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  1. #1
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    MS running from A-B

    I got some really good and useful critique from a lit agent based in the UK who made several comments on changes/improvements to my MS.
    One of the suggestions was that my story runs ‘too much from A – B without side-steps.

    OK so I’ve thought about this long and hard and while there are few ‘turns and twists’ the truth is, my MS is an A –B story.

    I have thought about this long and hard and would like to know what others think. Looking at other tales of A –B (Pride & Prejudice for example) is really a bad thing?

    I have just finished watching the DVD of the Robinhood movie (with Russell Crowe) and that’s an A-B, as was Gladiator and American Gangster, (OK I’m a Russell Crowe fan) so will this be a death-nail for my story if it doesn’t twist and turn 1000 times?

    Considering my MS covers 1000 years of European history and has numerous characters, wouldn’t too many sub-plots just confuse the reader? Or am I being obstinate for the sake of pig-headed vanity?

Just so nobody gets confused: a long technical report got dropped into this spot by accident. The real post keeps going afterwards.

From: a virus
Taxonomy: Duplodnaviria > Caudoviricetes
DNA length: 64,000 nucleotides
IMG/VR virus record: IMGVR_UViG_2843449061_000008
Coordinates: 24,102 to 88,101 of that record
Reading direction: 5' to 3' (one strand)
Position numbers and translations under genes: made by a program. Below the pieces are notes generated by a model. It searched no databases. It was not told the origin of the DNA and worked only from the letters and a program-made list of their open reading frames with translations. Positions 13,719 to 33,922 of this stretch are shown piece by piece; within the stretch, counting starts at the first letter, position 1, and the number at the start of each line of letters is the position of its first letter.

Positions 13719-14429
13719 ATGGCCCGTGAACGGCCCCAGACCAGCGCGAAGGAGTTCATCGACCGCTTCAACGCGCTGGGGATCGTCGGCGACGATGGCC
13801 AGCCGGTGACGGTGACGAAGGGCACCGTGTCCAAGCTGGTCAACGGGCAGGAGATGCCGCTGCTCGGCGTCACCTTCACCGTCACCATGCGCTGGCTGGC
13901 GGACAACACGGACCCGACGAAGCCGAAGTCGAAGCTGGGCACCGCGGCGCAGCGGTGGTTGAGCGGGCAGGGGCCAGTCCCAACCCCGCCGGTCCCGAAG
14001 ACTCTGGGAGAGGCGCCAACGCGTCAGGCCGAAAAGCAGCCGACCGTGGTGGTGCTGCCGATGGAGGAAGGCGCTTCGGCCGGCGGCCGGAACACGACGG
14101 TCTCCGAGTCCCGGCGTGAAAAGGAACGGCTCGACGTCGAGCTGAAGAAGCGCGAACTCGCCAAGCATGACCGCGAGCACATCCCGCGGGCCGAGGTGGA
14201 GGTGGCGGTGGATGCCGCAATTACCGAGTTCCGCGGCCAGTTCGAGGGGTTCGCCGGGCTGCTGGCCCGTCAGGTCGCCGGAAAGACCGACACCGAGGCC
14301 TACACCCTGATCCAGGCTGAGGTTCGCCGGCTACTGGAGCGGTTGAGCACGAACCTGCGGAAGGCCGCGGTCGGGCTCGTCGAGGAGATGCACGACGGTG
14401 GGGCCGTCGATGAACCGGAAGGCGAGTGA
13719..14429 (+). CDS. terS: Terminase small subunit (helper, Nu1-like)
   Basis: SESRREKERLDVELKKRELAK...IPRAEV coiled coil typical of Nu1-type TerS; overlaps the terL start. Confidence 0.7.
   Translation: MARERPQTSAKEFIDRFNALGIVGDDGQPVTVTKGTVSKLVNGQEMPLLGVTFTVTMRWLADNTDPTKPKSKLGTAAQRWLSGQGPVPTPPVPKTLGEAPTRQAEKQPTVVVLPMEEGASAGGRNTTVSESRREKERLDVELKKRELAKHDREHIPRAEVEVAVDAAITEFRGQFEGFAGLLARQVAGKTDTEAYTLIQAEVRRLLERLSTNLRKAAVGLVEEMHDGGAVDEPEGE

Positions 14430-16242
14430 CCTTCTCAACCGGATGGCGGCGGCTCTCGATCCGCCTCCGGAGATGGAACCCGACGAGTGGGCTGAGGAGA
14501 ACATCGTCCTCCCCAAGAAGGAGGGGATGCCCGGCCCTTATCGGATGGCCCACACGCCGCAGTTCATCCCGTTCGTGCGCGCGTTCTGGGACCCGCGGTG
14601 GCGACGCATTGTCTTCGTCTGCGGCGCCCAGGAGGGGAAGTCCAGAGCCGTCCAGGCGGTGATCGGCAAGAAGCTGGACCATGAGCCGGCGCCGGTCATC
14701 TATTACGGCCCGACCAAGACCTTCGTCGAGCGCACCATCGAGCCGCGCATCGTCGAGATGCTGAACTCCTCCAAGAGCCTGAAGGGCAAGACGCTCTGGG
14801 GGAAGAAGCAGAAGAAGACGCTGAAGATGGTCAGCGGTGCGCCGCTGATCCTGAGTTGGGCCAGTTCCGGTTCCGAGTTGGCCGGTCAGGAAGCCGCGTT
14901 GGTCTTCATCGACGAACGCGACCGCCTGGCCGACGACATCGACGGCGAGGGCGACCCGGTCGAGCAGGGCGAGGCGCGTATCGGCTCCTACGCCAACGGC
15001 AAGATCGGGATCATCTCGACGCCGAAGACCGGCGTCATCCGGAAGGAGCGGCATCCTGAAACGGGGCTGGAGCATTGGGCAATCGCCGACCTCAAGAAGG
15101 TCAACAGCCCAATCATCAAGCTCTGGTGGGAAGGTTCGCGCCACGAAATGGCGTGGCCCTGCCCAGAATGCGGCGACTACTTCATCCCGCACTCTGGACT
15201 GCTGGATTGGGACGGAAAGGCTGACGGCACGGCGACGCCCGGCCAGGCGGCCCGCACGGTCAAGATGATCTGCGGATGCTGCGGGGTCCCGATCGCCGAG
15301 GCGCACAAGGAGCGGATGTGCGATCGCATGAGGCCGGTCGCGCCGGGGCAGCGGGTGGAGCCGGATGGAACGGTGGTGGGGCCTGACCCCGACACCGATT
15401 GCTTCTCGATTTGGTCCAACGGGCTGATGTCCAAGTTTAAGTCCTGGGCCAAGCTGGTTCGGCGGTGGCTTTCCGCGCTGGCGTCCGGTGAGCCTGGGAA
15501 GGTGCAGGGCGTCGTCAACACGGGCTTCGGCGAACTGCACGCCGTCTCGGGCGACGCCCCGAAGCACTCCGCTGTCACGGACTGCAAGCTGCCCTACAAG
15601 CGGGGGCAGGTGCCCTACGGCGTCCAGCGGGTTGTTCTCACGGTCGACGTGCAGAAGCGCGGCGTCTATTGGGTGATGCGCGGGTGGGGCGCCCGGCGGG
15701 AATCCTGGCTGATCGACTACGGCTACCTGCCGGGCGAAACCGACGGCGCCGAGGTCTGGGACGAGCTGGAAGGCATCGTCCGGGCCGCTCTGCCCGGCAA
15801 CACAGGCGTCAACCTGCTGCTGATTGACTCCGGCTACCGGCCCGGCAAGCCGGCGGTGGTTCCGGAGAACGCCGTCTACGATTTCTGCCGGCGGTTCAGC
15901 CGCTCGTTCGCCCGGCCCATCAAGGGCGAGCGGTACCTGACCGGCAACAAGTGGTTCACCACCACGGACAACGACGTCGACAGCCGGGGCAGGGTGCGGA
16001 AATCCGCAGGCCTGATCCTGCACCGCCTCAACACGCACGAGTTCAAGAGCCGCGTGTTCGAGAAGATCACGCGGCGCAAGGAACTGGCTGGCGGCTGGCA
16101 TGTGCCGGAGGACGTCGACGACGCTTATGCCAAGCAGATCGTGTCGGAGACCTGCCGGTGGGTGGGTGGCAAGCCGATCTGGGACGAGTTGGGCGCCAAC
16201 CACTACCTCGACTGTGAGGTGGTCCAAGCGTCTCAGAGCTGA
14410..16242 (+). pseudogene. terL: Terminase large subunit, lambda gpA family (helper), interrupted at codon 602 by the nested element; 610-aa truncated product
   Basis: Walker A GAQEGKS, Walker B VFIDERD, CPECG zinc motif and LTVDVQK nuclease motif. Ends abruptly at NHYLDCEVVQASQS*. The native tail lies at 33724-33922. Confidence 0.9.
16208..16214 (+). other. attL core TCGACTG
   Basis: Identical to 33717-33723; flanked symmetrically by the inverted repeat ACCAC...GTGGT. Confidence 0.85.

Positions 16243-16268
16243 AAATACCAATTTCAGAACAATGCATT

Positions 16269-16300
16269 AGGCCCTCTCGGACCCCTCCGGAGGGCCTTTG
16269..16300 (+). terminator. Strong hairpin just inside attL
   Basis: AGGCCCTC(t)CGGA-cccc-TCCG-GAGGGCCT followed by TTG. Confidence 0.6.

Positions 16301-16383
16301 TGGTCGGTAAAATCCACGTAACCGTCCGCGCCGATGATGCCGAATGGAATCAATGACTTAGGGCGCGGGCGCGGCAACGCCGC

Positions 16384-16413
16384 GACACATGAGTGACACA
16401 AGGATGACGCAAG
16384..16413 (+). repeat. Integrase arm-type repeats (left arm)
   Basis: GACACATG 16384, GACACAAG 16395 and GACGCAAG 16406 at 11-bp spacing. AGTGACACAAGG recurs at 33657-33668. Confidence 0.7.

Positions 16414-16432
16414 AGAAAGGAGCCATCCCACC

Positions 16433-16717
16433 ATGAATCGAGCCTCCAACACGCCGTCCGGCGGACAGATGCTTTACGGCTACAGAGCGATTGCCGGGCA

Opinions REALLY welcome.



  2. #2
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    Re: MS running from A-B

    This is a judgement call, so how can anyone possibly answer without having read your story?

    "Considering my MS covers 1000 years of European history and has numerous characters, wouldn’t too many sub-plots just confuse the reader?"

    Sure, if written in a way that confuses the reader.

    But if written in a way that does not confuse the reader, then it wouldn't. Right?

    "Or am I being obstinate for the sake of pig-headed vanity?"

    Do you really think anyone can answer that?

    In any case, maybe the agent is wrong. Isn't that possible?

    "the truth is, my MS is an A –B story."

    Doesn't that answer your question?

  3. #3
    Senior Member Keith .'s Avatar
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    Re: MS running from A-B

    Raven, at one time I had three editors offering to revise on spec with me. IOW, my agent submitted and they like the story, just not enough to buy. They wanted to give me an edit letter and see what I could do with it. We're talking Egmont, Harper Collins and Random House. One said my plot line was too linear, which is what I assume you mean by A-B. The second said I needed to dispose of some of the twists because the plot wasn't linear enough for the targeted age group! The third wanted me to write it younger.